Hey, the blog is new and I haven’t yet gotten used to it, therefore I absolutely don’t know what you would like to read about :) But it’s also good because I can choose the topics freely. This one will be about monitoring the Workflow Agent Listeners or how to make sure Agent listeners are really doing their job.

The question is simple: How do we know if Agent listeners are really working as expected?

We can take a look of the status icons is Oracle Application Manager

Status icon of Agent Listeners

Status icon of Agent Listeners

… the icon is green so the started Agent listeners are working. You can also click on the icon and see the status of each Agent listener separately …

Status of each Agent listener

Status of each Agent listener

But is that enough to say that it’s all right with the Agent listeners? if we want to be sure about it, we have to check if all the job that has to be done by the Agent listeners is really done.

As Agent listeners are based on Oracle queues, we’ll check if the queue serving particular Agent listener contains many pending messages. If it is - it’s clear that something is not right there.

We’ll need to query 3 tables/views to get the information you need for checking how much work is left to be done for the listeners:

  • applsys.fnd_svc_components - table which stores information about service components whic also the Agent listeners are;
  • applsys.wf_agents - Agent definitions for Business Event System (ETRM)
  • dba_queues - Describes the operational characteristics of every queue in a database (Oracle 10g R2 documentation)

Here’s the select that shows which queue corresponds to each Agent listener:

select t.component_name,
       p.owner,
       p.queue_table,
       t.correlation_id
  from applsys.fnd_svc_components t,
       applsys.wf_agents o,
       dba_queues p
 where t.inbound_agent_name || t.outbound_agent_name = o.name
   and p.owner || '.' || p.name = o.queue_name
   and t.component_type like 'WF_%AGENT%';

There are some interesting parts, like t.inbound_agent_name || t.outbound_agent_name = o.name in the query, that’s because the Agent listener will be either inbound or outbound, but not both at the same time, so we can concatenate both fields (as one of them is NULL) to make it shorter.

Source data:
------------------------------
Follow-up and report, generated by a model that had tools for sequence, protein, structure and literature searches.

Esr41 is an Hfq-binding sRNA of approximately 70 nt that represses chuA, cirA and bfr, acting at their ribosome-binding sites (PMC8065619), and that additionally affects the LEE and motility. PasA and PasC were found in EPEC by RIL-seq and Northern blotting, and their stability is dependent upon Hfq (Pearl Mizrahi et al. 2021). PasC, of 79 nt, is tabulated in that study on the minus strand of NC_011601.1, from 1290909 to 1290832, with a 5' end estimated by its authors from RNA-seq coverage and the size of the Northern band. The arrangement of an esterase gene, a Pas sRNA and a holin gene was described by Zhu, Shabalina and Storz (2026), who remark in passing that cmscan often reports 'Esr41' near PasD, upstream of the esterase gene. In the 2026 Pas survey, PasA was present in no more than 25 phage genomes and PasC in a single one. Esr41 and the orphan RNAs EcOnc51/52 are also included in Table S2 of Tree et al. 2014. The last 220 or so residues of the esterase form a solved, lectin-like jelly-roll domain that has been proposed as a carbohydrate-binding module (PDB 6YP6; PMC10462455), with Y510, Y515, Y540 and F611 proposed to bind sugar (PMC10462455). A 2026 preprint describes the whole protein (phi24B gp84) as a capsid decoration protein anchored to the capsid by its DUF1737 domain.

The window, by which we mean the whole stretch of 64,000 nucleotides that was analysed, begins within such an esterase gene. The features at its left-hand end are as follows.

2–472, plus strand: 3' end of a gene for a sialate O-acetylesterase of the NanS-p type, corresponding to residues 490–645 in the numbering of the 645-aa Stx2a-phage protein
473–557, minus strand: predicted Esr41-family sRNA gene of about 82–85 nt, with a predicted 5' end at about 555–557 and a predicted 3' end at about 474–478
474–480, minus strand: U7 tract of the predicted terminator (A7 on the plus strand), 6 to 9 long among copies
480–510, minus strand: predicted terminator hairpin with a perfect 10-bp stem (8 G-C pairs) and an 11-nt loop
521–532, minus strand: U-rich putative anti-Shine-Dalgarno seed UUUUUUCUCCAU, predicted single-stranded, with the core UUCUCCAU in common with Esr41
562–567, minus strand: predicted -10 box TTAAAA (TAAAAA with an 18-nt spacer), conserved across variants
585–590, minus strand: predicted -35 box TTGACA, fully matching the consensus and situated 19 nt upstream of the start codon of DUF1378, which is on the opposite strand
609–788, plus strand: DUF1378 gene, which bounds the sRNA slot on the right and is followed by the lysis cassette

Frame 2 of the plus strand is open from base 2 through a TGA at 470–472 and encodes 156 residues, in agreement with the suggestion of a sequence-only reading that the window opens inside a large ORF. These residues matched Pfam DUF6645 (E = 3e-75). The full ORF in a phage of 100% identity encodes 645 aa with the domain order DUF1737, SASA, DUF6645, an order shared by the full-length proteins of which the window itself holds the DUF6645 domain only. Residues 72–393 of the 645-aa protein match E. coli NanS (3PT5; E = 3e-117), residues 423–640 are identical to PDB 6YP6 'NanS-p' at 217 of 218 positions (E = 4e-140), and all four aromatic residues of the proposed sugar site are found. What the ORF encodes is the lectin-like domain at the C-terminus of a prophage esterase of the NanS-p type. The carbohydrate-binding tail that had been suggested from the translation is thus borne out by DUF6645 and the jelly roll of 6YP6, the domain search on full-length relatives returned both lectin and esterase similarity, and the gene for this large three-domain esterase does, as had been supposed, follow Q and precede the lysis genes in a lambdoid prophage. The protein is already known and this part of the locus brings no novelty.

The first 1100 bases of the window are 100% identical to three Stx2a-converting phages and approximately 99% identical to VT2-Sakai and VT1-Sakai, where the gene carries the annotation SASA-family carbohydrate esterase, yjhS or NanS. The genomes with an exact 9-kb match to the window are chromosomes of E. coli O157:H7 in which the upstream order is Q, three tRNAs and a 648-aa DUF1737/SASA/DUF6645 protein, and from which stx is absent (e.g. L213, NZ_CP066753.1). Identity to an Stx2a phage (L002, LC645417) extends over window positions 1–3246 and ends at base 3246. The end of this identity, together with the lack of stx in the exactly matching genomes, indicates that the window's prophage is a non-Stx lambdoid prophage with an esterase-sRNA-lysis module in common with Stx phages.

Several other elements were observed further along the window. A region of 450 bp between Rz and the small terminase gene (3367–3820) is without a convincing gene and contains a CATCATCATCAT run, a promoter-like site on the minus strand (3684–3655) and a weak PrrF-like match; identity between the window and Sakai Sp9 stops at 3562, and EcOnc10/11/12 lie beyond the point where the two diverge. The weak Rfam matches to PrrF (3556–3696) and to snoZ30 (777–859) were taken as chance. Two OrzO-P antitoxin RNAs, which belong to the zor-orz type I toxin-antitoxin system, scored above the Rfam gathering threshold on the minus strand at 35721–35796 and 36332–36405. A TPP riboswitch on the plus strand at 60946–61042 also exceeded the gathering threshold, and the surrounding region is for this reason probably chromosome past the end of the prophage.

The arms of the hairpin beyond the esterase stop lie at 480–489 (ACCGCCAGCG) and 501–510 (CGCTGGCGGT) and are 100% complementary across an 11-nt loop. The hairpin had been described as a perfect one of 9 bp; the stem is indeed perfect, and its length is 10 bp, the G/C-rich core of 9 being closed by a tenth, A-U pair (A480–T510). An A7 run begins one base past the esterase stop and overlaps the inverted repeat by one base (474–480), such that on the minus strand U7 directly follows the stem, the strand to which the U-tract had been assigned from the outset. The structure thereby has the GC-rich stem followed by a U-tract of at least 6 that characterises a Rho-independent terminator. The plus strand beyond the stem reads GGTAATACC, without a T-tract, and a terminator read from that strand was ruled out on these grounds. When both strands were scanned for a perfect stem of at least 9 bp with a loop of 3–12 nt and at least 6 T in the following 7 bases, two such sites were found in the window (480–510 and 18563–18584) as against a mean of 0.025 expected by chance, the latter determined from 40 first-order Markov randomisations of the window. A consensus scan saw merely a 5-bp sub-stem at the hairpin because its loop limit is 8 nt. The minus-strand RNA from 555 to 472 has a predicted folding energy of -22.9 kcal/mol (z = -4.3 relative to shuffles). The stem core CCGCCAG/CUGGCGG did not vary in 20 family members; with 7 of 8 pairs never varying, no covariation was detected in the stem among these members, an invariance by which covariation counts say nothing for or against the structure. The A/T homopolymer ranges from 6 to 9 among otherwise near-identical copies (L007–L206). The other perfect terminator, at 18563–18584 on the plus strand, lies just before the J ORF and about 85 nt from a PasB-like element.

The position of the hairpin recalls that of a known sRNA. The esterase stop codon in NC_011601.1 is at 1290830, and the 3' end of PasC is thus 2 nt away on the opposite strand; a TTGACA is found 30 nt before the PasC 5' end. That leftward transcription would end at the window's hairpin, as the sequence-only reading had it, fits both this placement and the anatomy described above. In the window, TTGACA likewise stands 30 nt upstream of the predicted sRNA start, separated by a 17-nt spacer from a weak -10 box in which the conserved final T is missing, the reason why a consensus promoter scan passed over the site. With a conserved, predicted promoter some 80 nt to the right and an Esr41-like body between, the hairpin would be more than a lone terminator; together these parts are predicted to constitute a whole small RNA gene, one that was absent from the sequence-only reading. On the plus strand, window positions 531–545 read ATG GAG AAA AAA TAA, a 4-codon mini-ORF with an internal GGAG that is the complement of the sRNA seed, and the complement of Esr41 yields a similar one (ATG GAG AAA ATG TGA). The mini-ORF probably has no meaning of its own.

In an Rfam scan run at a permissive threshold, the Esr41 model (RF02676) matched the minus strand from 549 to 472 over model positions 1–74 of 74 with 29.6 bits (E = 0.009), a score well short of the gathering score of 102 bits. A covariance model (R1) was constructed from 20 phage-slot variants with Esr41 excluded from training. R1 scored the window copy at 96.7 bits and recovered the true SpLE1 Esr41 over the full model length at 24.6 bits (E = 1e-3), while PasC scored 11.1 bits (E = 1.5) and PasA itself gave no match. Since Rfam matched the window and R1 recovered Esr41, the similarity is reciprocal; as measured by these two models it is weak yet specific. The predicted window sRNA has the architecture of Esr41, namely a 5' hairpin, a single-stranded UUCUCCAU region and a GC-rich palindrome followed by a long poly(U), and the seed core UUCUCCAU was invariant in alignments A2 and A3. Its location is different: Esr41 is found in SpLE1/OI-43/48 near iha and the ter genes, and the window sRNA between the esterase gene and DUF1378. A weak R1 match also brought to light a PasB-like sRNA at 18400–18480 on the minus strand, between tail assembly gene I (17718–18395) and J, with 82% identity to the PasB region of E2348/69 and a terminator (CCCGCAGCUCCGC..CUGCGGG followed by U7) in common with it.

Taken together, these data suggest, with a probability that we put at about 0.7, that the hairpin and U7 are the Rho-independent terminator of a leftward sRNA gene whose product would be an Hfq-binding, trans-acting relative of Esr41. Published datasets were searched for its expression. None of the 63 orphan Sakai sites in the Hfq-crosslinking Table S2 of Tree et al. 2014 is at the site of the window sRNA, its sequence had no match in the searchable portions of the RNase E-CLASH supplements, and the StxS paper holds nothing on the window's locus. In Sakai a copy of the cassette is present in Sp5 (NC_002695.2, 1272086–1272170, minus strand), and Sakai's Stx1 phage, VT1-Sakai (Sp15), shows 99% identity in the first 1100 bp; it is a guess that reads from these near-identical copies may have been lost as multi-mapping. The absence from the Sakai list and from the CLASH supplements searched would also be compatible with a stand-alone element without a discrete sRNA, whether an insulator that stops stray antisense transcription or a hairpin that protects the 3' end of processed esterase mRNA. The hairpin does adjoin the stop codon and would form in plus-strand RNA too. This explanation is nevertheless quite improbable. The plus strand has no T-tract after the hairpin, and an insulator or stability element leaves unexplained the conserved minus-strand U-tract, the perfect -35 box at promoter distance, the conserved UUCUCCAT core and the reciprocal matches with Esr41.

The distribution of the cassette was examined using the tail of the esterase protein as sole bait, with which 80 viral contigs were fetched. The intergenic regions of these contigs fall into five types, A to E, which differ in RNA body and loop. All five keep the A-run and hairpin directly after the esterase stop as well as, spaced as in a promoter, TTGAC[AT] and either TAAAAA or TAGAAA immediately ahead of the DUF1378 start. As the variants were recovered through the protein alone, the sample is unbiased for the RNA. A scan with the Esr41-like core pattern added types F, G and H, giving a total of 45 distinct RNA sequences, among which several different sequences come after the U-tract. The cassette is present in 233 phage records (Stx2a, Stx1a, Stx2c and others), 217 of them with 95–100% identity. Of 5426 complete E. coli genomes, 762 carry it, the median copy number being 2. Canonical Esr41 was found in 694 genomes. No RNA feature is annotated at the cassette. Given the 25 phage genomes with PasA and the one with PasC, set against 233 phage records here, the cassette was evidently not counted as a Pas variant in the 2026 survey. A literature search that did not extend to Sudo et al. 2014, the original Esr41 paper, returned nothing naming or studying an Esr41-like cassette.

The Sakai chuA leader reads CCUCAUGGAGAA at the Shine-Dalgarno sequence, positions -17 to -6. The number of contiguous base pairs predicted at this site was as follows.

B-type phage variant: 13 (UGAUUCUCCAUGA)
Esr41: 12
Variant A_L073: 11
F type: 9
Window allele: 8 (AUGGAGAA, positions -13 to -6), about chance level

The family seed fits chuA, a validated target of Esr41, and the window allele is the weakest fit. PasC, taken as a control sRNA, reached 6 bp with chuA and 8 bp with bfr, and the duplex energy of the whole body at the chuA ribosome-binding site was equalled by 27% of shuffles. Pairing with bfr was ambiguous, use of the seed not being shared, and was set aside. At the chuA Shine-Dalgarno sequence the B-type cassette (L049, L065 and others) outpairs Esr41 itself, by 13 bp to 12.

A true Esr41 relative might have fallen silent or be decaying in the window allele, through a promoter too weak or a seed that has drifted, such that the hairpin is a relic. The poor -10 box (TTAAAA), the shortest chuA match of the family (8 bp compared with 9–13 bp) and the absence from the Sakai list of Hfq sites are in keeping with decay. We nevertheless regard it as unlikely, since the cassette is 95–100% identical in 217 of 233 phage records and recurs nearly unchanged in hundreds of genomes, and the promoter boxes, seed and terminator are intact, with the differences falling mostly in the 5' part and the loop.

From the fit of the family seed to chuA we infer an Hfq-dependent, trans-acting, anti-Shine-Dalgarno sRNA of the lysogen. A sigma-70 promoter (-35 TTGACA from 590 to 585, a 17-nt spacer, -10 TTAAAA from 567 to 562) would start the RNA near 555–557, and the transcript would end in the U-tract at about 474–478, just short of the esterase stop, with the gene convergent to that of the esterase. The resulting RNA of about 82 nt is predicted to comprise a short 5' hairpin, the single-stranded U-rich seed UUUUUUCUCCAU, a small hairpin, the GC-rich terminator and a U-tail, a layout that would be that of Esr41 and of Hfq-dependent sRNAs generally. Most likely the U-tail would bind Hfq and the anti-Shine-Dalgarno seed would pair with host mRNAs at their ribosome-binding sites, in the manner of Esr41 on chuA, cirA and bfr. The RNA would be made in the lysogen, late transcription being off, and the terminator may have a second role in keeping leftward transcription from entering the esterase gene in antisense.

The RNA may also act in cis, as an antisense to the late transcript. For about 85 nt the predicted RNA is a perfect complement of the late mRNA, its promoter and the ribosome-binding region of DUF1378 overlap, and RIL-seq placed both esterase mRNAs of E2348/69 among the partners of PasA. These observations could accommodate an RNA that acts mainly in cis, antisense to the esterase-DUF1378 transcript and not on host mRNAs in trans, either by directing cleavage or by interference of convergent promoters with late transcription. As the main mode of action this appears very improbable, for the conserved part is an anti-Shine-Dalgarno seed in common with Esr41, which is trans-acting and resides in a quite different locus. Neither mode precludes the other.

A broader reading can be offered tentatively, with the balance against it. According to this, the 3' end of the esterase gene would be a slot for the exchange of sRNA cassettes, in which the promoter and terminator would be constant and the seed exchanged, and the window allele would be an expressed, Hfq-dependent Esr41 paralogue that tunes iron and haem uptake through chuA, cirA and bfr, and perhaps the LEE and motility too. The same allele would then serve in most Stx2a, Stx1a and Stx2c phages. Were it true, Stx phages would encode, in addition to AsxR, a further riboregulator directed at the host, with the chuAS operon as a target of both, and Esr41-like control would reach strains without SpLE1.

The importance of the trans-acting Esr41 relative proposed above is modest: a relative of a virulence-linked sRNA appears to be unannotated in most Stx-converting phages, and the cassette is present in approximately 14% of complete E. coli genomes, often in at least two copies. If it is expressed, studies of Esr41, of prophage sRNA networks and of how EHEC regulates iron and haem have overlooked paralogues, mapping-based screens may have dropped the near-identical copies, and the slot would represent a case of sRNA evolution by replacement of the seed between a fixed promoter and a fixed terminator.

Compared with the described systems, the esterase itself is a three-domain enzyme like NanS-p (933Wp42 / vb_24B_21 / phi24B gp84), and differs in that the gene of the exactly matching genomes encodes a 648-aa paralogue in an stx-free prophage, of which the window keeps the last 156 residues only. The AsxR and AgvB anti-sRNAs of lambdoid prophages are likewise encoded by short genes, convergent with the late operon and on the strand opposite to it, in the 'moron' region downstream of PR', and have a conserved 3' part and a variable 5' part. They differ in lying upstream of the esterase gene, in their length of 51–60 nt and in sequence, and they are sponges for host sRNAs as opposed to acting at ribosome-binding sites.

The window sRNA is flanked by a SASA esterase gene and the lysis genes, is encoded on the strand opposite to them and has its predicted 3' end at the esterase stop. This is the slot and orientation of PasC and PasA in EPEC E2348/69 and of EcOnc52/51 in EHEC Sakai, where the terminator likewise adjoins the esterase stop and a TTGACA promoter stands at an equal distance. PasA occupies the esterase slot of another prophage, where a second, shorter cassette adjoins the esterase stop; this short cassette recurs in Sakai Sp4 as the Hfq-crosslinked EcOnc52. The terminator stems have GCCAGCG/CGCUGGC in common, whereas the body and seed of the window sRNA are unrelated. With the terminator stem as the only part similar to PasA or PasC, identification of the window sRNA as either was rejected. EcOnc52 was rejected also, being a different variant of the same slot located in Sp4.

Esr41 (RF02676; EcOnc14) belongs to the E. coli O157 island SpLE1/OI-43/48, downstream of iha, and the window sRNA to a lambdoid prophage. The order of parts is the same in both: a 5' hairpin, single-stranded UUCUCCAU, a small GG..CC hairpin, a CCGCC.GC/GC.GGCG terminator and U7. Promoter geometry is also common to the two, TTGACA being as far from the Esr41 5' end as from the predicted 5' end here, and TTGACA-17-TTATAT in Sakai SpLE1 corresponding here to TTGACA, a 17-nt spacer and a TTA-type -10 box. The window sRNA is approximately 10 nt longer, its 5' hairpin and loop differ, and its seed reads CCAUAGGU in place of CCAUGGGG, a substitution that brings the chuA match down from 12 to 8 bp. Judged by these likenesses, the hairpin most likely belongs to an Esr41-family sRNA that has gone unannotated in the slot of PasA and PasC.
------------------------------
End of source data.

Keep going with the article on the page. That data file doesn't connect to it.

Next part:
The output of the query will be like this:

Agent listener related queue tables

Agent listener related queue tables

I’ll use this information to construct queries for checking pending messages in the queues dynamically:

select 'select ''' || t.component_name || ' (queue_table: ' ||
       p.QUEUE_TABLE || ')''||'' Count: ''||count(*) c from ' || p.owner || '.' ||
       p.QUEUE_TABLE ||
       ' where deq_time is null and nvl(delay,enq_time)<sysdate-1/24 ' ||
       nvl2(t.correlation_id,
            'and corrid like ''' || t.correlation_id || ''' ',
            null) || 'having count(*)>0;'
  from applsys.fnd_svc_components t, applsys.wf_agents o, dba_queues p
 where t.inbound_agent_name || t.outbound_agent_name = o.name
   and p.OWNER || '.' || p.name = o.queue_name
   and t.component_type like 'WF_%AGENT%';

This will give you queries for checking how many messages that should have been processed an hour ago there are for each Agent listener in it’s queue. Like these:

select 'ECX Inbound Agent Listener (queue_table: ECX_INQUEUE)' ||
       ' Count: ' || count(*) c
  from APPS.ECX_INQUEUE
 where deq_time is null
   and nvl(delay, enq_time) < sysdate - 1 / 24 having count(*) > 0;

… or …

select 'Workflow Deferred Notification Agent Listener (queue_table: WF_DEFERRED)' ||
       ' Count: ' || count(*) c
  from APPLSYS.WF_DEFERRED
 where deq_time is null
   and nvl(delay, enq_time) < sysdate - 1 / 24
   and corrid like 'oracle.apps.wf.notification.%'
having count(*) > 0;

After executing all the dynamically generated select statements, the output will turn your attention only to potentially problematic ones.

Workflow Java Deferred Agent Listener (queue_table: WF_JAVA_DEFERRED) Count: 3493

I have integrated this kind of check into monitoring system we have so that I get a message to my mailbox when my attention is needed.

Of course, this just makes sure Agent Listeners get their “tasks”, but does not mean they complete them successfuly… On the other hand, if an Agent listener works with errors - it is terminated after a number of errors that is definable through AOM, and if that happens, new messages will pile up in the queues and this monitoring will notice it.